HWV 37: Giustino

  • Genre: Opera
  • Libretto: anonymous adaptaion of a libretto by Nicolò Beregan revised by Pietro Pariati (Venice, 1724 - music by Vivaldi)
  • Completed score: 20 October 1736; Handel drafted much of Giustino before transferring his attention to the composition of Arminio (HWV 46), after which he returned to completing Giustino
  • First performance: 16 February 1737, Covent Garden Theatre, London (9 performances)
  • Original cast:
    • Giustino: Domenico Annibali (castrato)
    • Anastasio: Gioacchino Conti (castrato)
    • Arianna: Anna Maria Strada del Pò (soprano)
    • Leocasta: Francesca Bertolli (contralto)
    • Amanzio: Maria Caterina Negri (contralto)
    • Vitaliano: John Beard (tenor)
    • Polidarte: Henry Reinhold (bass)
    • La Fortuna: William Savage (boy soprano)
  • Notes:The most richly scored of the three new operas written for the 1736-7 season, and also marginally the most successful - although Handel reputedly enjoyed the good-natured satirical references to Giustino made in Carey and Lampe's comic parody The Dragon of Wantley (staged in the same theatre in October 1737); Handel never revived the opera but reused a lot of it in the pasticcio Alessandro Severo and two arias in the bilingual December 1744 revival of Semele.
  • HG edition: 88
  • HHA edition: II/36

HWV 38: Berenice, regina d'Egitto

  • Genre: Opera
  • Libretto: anonymous adaptation of a libretto by Antonio Salvi (Pratolino, near Florence, 1709 - music by Giacomo Antonio Perti; Handel might have seen this production)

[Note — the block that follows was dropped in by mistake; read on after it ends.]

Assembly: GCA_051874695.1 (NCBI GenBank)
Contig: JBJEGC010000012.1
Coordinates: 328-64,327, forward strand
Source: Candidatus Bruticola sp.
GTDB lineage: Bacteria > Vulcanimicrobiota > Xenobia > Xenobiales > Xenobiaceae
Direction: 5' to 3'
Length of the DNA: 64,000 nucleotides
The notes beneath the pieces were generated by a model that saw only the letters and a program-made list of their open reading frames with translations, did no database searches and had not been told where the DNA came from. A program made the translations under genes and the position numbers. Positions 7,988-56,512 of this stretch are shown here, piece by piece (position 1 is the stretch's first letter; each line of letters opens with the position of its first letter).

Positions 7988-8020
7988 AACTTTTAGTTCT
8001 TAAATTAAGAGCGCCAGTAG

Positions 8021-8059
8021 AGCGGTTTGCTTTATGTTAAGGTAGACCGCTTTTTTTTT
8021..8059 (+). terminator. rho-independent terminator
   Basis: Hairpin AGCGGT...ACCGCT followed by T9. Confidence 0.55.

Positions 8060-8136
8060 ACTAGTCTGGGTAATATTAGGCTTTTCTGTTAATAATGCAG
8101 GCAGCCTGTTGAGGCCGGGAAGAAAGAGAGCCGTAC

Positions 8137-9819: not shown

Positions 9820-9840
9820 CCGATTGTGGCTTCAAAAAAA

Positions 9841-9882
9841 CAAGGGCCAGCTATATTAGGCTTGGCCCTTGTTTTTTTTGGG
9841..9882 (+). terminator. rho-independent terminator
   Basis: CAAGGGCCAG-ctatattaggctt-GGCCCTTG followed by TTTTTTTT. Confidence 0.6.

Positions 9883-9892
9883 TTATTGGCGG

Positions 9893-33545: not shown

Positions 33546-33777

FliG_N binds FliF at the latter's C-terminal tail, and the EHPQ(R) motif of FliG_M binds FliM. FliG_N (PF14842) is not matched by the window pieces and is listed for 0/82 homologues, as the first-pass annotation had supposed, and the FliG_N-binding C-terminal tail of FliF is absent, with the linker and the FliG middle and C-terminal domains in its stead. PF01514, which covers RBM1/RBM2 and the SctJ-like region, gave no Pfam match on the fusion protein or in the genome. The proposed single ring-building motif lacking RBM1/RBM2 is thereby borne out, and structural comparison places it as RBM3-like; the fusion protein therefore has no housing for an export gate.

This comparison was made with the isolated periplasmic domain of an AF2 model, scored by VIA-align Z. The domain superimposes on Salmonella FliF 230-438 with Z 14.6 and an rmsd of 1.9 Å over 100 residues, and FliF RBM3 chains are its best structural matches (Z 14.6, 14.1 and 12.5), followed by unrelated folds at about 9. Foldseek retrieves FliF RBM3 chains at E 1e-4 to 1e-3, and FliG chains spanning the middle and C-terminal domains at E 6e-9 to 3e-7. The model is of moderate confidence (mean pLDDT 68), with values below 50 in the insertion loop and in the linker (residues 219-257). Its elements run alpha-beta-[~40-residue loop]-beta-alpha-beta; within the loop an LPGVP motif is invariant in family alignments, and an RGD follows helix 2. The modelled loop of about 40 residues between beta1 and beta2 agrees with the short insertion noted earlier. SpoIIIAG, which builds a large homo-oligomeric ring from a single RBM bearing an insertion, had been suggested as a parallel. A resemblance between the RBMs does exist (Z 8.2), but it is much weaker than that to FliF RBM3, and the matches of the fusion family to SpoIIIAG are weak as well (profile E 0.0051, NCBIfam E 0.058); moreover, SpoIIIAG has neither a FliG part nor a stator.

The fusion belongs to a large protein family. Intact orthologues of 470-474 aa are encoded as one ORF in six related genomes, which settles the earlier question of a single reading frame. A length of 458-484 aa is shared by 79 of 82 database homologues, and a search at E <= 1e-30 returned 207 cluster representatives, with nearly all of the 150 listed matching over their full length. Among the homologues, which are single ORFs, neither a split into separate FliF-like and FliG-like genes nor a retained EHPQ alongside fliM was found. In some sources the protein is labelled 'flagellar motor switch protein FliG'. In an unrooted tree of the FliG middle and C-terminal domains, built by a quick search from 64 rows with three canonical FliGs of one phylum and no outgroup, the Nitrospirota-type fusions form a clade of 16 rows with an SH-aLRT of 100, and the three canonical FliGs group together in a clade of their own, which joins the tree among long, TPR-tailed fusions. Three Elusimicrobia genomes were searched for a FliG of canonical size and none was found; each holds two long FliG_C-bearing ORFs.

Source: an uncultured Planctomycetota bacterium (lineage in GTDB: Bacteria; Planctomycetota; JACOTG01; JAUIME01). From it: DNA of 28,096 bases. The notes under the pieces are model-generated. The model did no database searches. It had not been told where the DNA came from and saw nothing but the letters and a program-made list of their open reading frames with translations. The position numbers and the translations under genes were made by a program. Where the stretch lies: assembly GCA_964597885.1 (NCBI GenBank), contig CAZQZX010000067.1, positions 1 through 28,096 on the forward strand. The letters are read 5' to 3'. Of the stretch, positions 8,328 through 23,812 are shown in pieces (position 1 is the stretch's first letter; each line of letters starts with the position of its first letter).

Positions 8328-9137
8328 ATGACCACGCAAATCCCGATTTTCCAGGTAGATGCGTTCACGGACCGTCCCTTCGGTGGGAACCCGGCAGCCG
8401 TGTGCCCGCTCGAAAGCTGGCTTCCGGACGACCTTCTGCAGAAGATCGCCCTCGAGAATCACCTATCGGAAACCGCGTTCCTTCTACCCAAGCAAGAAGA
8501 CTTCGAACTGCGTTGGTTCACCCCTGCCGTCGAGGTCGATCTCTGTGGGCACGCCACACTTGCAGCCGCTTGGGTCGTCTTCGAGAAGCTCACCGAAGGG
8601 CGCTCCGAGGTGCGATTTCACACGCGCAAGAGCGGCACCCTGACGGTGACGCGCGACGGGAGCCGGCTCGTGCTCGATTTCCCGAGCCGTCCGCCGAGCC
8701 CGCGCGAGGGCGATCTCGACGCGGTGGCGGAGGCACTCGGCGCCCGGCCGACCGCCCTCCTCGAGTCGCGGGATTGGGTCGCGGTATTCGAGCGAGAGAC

• Composed: 27 January 1737
  • First performance: 18 May 1737, Covent Garden Theatre, London (3 performances; a fourth may have taken place but lacks documentary evidence)
  • Original cast:
    • Berenice: Anna Maria Strada del Pò (soprano)
    • Demetrio: Domenico Annibali (castrato)
    • Alessandro: Gioacchino Conti (castrato)
    • Selene: Francesca Bertolli (contralto)
    • Arsace: Maria Caterina Negri (contralto)
    • Fabio: John Beard (tenor)
    • Aristobolo: Henry Reinhold (bass)
  • Notes: Berenice was completed months in advance of a serious illness that blighted Handel during the late spring and early summer of 1737. On 26 April 1737 the Earl of Shaftesbury wrote to James Harris: "I was near an hour with Handel yesterday[;] he is in no danger upon the whole though I fear[,] or am rather too certain[,] he will loose a great part of his execution so as to prevent his ever playing any more concertos on the organ. He submitts to discipline very patiently & I really believe will be orderly for the time to come[,] that this unhappy seizure may possibly at last be the occasion of prolonging his life. Handel is in excellent spirits & is exceeding thankfull for his disorder[,] which is rhumatick palsie[,] did not attack him till he had done writing." On 12 May the Earl of Shaftesbury attended a rehearsal of Berenice, afterwards reporting to Harris that "Mr Handel is better though not well enough to play the harpsichord himself[,] which young Smith is to do for him." Handel suffered a relapse soon afterwards, and he could not have directed any of the performances of Berenice. He never revived the opera, but it was performed at Brunswick in 1743 (an arrangement by Georg Caspar Schürmann); the first modern revival took place at the University of Keele in 1985.
  • HG edition: 90
  • HHA edition: II/37

HWV 39: Faramondo

  • Genre: Opera
  • Libretto: anonymous adaptation of a libretto by Apostolo Zeno (revised version, Rome, 1720 - music by Francesco Gasparini)
  • Completed score: 24 December 1737
  • First performance: 3 January 1738, King's Theare, Haymarket, London (8 performances)
  • Original cast:
    • Faramondo: Gaetano Majorano, called "Caffarelli" (castrato)
    • Clotilde: Elisabeth Duparc, called "La Francesina" (soprano)
    • Rosimonda: Maria Antonia Marchesini (alto)
    • Gustavo: Antonio Montagnana (bass)
    • Adolfo: Margherita Chimenti (soprano)
    • Gernando: Antonia Maria Merighi (contralto)
    • Teobaldo: Antonio Lottini (bass)
    • Childerico: William Savage (boy soprano)